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Lenten Devotions from Fourth Presbyterian Church

Wednesday, June 26, 2019              

Today’s Scripture Reading | 2 Kings 2:1–2, 6–14   

Now when the Lord was about to take Elijah up to heaven by a whirlwind, Elijah and Elisha were on their way from Gilgal. Elijah said to Elisha, “Stay here; for the Lord has sent me as far as Bethel.” But Elisha said, “As the Lord lives, and as you yourself live, I will not leave you.” So they went down to Bethel. Then Elijah said to him, “Stay here; for the Lord has sent me to the Jordan.” But he said, “As the Lord lives, and as you yourself live, I will not leave you.” So the two of them went on. Fifty men of the company of prophets also went, and stood at some distance from them, as they both were standing by the Jordan. Then Elijah took his mantle and rolled it up, and struck the water; the water was parted to the one side and to the other, until the two of them crossed on dry ground.

When they had crossed, Elijah said to Elisha, “Tell me what I may do for you, before I am taken from you.” Elisha said, “Please let me inherit a double share of your spirit.” He responded, “You have asked a hard thing; yet, if you see me as I am being taken from you, it will be granted you; if not, it will not.” As they continued walking and talking, a chariot of fire and horses of fire separated the two of them, and Elijah ascended in a whirlwind into heaven. Elisha kept watching and crying out, “Father, father! The chariots of Israel and its horsemen!” But when he could no longer see him, he grasped his own clothes and tore them in two pieces.

He picked up the mantle of Elijah that had fallen from him, and went back and stood on the bank of the Jordan. He took the mantle of Elijah that had fallen from him, and struck the water, saying, “Where is the Lord, the God of Elijah?” When he had struck the water, the water was parted to the one side and to the other, and Elisha went over. (NRSV)

Reflection
When I read this passage I always think of the 1981 movie Chariots of Fire. It tells the story of two young runners training for the 1924 Paris Olympics. One of the runners, Eric Liddell, is a devout Christian and son of Scottish missionaries in China. The other, Harold Abrahams, is Jewish and determined to use his running ability to overcome anti-Semitism and class bias. Though very different in background, the two find common ground through their athletic pursuits, the power of friendship, and their serious engagement with religious life. The movie draws its title from a William Blake poem and this very odd and quite unbelievable text from 2 Kings.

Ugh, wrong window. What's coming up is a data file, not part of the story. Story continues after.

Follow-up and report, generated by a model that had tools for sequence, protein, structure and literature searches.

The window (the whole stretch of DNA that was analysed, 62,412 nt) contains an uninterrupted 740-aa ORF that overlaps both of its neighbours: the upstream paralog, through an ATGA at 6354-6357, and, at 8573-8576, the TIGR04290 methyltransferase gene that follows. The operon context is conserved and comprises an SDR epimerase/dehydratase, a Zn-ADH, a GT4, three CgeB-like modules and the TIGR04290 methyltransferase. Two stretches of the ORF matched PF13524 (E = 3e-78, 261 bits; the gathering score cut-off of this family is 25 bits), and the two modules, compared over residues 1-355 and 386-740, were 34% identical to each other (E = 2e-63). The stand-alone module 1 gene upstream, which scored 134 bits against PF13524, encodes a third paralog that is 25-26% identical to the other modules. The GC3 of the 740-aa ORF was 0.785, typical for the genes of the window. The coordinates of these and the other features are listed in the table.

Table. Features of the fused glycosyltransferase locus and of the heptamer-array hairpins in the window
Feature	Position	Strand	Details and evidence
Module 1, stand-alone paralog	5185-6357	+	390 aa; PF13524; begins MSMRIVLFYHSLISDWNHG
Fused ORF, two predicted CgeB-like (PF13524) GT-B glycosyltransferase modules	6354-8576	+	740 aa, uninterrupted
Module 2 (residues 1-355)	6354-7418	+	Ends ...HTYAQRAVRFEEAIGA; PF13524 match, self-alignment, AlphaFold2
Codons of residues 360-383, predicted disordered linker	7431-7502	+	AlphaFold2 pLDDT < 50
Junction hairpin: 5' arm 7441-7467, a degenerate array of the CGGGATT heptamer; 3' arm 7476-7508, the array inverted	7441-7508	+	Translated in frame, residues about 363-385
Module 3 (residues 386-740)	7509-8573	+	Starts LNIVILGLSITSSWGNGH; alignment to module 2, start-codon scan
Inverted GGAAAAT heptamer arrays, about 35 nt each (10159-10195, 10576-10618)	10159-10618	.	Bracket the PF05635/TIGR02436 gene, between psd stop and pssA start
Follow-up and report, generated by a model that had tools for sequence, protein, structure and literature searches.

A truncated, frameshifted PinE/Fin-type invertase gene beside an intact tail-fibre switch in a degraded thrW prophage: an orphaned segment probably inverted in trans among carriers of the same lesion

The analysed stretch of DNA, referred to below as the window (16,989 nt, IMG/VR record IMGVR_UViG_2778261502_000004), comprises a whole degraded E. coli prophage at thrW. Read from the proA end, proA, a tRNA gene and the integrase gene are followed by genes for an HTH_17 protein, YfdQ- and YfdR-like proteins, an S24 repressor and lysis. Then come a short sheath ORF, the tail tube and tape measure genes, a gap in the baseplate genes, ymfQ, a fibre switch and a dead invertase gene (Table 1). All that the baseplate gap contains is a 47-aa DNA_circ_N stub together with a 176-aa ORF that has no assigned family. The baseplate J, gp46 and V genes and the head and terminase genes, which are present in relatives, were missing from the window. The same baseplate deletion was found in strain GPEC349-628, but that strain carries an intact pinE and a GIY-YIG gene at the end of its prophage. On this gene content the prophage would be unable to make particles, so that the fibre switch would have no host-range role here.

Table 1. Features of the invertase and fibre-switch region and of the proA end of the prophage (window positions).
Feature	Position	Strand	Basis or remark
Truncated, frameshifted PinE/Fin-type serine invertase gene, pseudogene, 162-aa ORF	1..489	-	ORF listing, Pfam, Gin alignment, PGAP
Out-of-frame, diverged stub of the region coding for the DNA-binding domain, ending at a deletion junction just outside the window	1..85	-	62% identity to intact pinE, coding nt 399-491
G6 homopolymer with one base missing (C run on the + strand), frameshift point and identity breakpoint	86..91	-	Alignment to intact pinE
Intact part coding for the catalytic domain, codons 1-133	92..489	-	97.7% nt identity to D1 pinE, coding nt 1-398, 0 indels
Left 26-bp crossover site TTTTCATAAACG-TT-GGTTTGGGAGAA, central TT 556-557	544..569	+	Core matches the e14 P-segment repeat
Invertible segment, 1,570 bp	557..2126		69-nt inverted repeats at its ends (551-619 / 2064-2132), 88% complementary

In the 2 Kings text, we know that the two prophets, Elijah and Elisha, were at the center of much drama during the reign of King Ahab. In today’s story, Elijah is about to be taken up in a whirlwind by Yahweh. Elijah and his disciple and student Elisha are on the road to Jericho when Elisha requests that Elijah not leave him, as he is on his way to the Jordan, where he will cross over. In a dramatic crossing over, the two go to the far side through water parted by the power of God through Elijah. When they reach the far shore Elijah makes an offer: “Ask what I shall do for you before I am taken from you.” Elisha’s response: “I pray you, let me inherit a double share of your spirit.” A tough request, indeed, and the condition was Elisha witnessing the whirlwind and the chariot of fire, which he did.

Two prophets and two athletes—much drama in both settings. But both stories lead us to realize that God’s power and engagement in real life may just lead to miraculous outcomes. Both are glimpses of the miraculous, astonishing work of God’s encounters with humans. They bring us face-to-face with love so amazing that it asks for a faith that defies human assumptions. Yes!

Prayer
God of whirlwinds and chariots of fire, may we be ready for an encounter with your magnificent enjoyment of us. And in our Christian life may we be faithful to you and bold in our witness to your glory and light. Amen.

Written by Lucy Forster-Smith,
Senior Associate Pastor for Leadership Development and Adult Education

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